First - prices have risen, roughly doubling for food, fuel, transportation, and most necessaries, although the dollar only rose about 45% during the same time. So things are more expensive even for my dollar. The one exception is airtime -- the minutes purchased on your pay-per-use cell phone. Prices have stayed low due to stiff competition. On some networks you now pay per second, not per minute.
Second - phones are much more powerful. Nearly everyone has one now, and some people have one phone with two or more sim cards so they can use multiple carriers. Our teenagers at COU go out to the market to buy airtime in 25 cent increments. But phones are also used now for money transfers, like a bank account. You can put cash on your "mobile money" account, either to save it and take it off later, or to send it to anyone else - even paying bills or tuition via this method. Thus, any corner shop in any slum can be transformed into a bank.
Third - a few amazing high-rises have sprung up, gleaming bright on top, but with their foundations rooted in the muddy streets of Kampala. A very vivid reminder of the economic disparities which are markedly similar to the US - 1% and the 99%. There's a new Mercedes-Benz dealership, iPhones are advertised widely, and at the same time, millions of people are surviving on one meal a day.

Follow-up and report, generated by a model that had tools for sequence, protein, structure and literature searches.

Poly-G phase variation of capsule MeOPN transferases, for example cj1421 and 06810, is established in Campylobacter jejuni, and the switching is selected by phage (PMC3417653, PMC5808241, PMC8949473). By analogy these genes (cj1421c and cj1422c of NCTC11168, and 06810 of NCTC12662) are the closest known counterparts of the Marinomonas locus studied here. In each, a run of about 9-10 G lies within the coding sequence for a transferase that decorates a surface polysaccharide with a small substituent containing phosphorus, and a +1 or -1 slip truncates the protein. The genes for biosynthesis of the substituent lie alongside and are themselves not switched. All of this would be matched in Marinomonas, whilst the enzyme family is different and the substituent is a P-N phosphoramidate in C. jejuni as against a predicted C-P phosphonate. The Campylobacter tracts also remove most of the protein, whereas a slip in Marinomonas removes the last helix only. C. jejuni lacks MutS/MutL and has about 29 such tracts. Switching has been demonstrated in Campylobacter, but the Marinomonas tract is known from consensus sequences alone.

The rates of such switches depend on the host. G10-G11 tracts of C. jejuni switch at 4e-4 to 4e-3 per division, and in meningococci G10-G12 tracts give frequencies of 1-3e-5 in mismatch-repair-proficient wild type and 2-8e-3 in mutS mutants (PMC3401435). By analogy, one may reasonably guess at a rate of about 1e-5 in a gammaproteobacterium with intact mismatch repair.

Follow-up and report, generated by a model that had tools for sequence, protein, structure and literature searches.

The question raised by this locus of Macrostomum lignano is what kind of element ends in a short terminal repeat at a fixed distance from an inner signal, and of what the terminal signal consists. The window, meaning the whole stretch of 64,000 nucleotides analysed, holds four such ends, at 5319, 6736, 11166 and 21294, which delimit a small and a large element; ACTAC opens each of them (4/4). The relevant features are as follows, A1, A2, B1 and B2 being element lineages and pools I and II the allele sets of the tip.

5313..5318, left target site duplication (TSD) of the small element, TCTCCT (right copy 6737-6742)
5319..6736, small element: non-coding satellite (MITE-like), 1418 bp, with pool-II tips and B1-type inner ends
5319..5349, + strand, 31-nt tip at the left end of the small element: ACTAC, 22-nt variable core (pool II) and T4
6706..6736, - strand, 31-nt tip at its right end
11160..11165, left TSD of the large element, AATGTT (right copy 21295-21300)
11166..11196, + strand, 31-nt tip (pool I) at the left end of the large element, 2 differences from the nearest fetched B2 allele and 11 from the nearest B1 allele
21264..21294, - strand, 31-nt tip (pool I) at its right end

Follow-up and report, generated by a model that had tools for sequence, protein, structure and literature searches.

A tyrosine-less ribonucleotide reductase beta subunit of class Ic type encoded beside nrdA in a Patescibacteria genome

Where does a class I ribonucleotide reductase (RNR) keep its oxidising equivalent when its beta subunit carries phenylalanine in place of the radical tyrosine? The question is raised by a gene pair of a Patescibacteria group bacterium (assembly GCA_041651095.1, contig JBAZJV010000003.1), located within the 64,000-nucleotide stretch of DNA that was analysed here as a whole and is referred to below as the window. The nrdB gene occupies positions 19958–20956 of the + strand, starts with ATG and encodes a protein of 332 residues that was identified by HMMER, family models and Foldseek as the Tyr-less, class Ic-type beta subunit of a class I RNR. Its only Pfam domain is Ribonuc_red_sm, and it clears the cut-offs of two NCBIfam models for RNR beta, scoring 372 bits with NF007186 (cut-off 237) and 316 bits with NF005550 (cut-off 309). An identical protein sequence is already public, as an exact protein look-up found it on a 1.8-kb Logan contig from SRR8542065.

Four - traffic jams are worse than ever before. There are just too many people on too few roads. New roundabouts and flyovers help in a few places, but mainly drivers look for bumpy back roads to escape the jams.
Five - aiya, all these children have grown up so much!
I've been feeling slightly out of it since I got here, but as their music swelled around me, all of a sudden everything clicked into place. Behind me: years of love and learning. Ahead of me: traveling to share this song. And in the here and now: gratitude.
The song they sang first was the first Luganda song I learned when I came in 2005 - tunakuwaki ffe - meaning "what can we give you, [God] but to praise you all our days?" That is the kind of gratitude I'm feeling now -- there is just nothing I can possibly do or say to do it justice. I am grateful for the opportunity to serve, for the huge privilege of bringing these children to America to share their song, and for the life journey that brought me to this place and this time.
Friday, December 16, 2011
The shopping is challenging. Gone are the days of yesteryear where we carried millions of shillings in our pants pockets and bought things helterskelter at the secondhand market, collecting little scraps of anonymous receipts to hand in... the auditors are much more strict and so we have to buy from legitimate business that can invoice us properly, making a trip to get a quote, a trip to pay, another trip to pick up the materials.
Lead performers Geofrey and Jane spent much of the day stringing together beads for the Rwandese dances. Robert and Geofrey inspect the work:
Robert isn't sure there are enough... especially not if he gets to wear as many as he wants...